How Netflix Is Dominating the Competition During the Coronavirus Crisis

Tough times are ahead, but for now, Netflix is thriving at Disney's expense.

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Netflix is thriving amid the coronavirus crisis. Budrul Chukrut/SOPA Images/LightRocket via Getty Images

On Tuesday, Netflix (NFLX) reported that it had added 15.8 million new subscribers in the first quarter of 2020, nearly double the 8.8 million it added in Q4 2019. Netflix now has 182 million subscribers worldwide. At market close on April 21, Netflix’s market capitalization—or the market value of a publicly traded company’s outstanding shares—stood at $190.4 billion, higher than Disney, Exxon and IBM, and a dramatic improvement from $142 billion on December 31. While Netflix stressed that tough times are ahead in its earnings report Tuesday, there’s no doubt that the streaming company is currently the undisputed champion of the entertainment industry.

How has Netflix, whose future was in doubt as recently as November with the launches of Apple (AAPL) TV+ and Disney+, become the dominant force in Hollywood?

Danyaal Rashid, Thematic Analyst at GlobalData, a leading data and analytics company, first notes the positive impact the coronavirus pandemic is having on the company. “Netflix will do well out of this crisis as more people will be taking up subscriptions and existing customers will be retaining their contracts,” Rashid said in a statement. With billions across the world forced to self-isolate, social distance, and quarantine, Netflix has become a convenient must-have content provider to pass the time. Its former weakness—relying solely on subscription growth to drive revenue—has now become its greatest strength. Traditional entertainment media can’t compete given the current circumstances. 

There are two main reasons why Disney has struggled while Netflix has prospered,” Rashid said. “Firstly, unlike Netflix, Disney is reliant on ad revenues due to its broadcast offerings, and this revenue stream is drying up rapidly. Secondly, COVID-19 has forced Disney to close its theme parks, which generate more than a third of its revenues, delivering a huge hit to the company’s top line.”

With movie theaters closed, the COVID-19 lockdown has been a boon for streaming services across the board. According to ReelGood, which tracks every TV show and movie available online and has a user base of more than 3 million, viewership across all subscription (SVOD) services is up by 417 percent this week compared to the first week of March. Netflix, of course, is still the most popular streaming service, with a total playback share of 42.3 percent from March 16 to April 19, 2020.

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Netflix’s letter to shareholders Tuesday proclaimed that Tiger King was watched by more than 64 million member households in its first four weeks. Any account that watches a title for at least two minutes is considered a view, according to Netflix’s internal metrics. That puts Tiger King on the same level as the third season of Stranger Things, which Netflix previously said was the most watched season of the entire show. While The Witcher remains the streamer’s “most popular” original ever with 76 million views in its first four weeks, it’s clear that Netflix’s viral content is permeating the mainstream.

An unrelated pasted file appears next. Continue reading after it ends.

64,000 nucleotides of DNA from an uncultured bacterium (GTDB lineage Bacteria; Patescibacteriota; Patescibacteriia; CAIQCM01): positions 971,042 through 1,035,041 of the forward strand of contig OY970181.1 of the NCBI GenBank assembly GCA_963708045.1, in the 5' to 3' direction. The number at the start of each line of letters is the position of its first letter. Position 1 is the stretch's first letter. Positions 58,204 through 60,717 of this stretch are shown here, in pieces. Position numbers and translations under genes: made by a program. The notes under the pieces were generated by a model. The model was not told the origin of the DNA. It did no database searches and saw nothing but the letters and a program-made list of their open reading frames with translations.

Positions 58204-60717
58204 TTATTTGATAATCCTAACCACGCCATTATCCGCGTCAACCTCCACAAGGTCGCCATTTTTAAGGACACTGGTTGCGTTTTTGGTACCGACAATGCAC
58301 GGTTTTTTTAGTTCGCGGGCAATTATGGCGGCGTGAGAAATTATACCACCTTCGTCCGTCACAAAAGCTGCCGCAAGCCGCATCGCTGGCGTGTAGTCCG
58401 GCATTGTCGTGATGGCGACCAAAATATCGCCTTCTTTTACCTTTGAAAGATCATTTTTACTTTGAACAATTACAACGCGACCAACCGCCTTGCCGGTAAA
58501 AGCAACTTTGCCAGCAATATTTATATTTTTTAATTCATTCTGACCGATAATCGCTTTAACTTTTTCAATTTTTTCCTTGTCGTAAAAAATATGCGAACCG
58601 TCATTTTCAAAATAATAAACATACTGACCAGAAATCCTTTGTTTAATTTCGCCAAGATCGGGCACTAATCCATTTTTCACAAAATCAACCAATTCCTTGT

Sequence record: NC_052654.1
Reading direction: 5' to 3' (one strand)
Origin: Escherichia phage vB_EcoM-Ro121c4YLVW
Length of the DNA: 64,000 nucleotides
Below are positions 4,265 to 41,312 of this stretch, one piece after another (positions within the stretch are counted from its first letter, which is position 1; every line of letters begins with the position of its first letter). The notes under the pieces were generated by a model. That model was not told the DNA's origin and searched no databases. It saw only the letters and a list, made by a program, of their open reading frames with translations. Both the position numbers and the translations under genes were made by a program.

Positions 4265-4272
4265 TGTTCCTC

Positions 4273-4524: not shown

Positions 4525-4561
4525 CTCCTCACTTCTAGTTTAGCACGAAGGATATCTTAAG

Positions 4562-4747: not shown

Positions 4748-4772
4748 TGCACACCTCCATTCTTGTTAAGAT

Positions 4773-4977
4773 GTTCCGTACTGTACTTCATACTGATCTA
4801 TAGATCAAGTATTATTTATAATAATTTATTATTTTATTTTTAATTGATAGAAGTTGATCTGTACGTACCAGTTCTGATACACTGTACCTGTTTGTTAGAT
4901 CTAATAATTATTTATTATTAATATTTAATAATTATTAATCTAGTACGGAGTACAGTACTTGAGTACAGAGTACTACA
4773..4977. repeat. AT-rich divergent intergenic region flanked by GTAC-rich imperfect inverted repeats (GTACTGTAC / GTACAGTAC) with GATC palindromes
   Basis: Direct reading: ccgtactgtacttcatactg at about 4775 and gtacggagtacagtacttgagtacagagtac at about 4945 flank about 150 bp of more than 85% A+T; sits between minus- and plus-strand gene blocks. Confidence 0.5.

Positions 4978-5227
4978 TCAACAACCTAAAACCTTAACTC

Netflix leadership emphasized that a loss of customers will result once the pandemic is over, but every conceivable metric sees the company riding an all-time high wave at this moment. Parrot Analytics, a leading data firm, tracks video streaming, social media activity, photo sharing, blogging, fan and critic rating platforms and other consumer demand sources to put together a composite of viewership and growth. According to their data, in the United States, Netflix’s share of digital original demand grew from 50 percent for the month of December 2019 to 53.9 percent for the month of March 2020. Early signs for April show further growth, as the service has 54.7 percent of US demand share as of April 13th.

Globally, the numbers are more impressive. The service grew its international share of demand for digital original content from 52.3 percent in December 2019 to 57.8 percent in March of 2020. In the United States, Disney+ dropped from 7.9 percent share in December 2019 to 6.2 percent in March 2020, while Amazon (AMZN) Prime Video dropped from 10.1 percent to 8.6 percent over the same time period.

This can’t last forever, as Netflix itself notes repeatedly throughout its letter to shareholders. Growth will decelerate once society returns to normal. But if there was any real concern that Netflix would be toppled as the market-leading streamer with the introduction of Apple TV+, Disney+, HBO Max and Peacock, this pandemic has proven to be more than a stay of execution. Netflix is an essential ingredient to daily entertainment and its time atop the throne isn’t over just yet.

How Netflix Is Dominating the Competition During the Coronavirus Crisis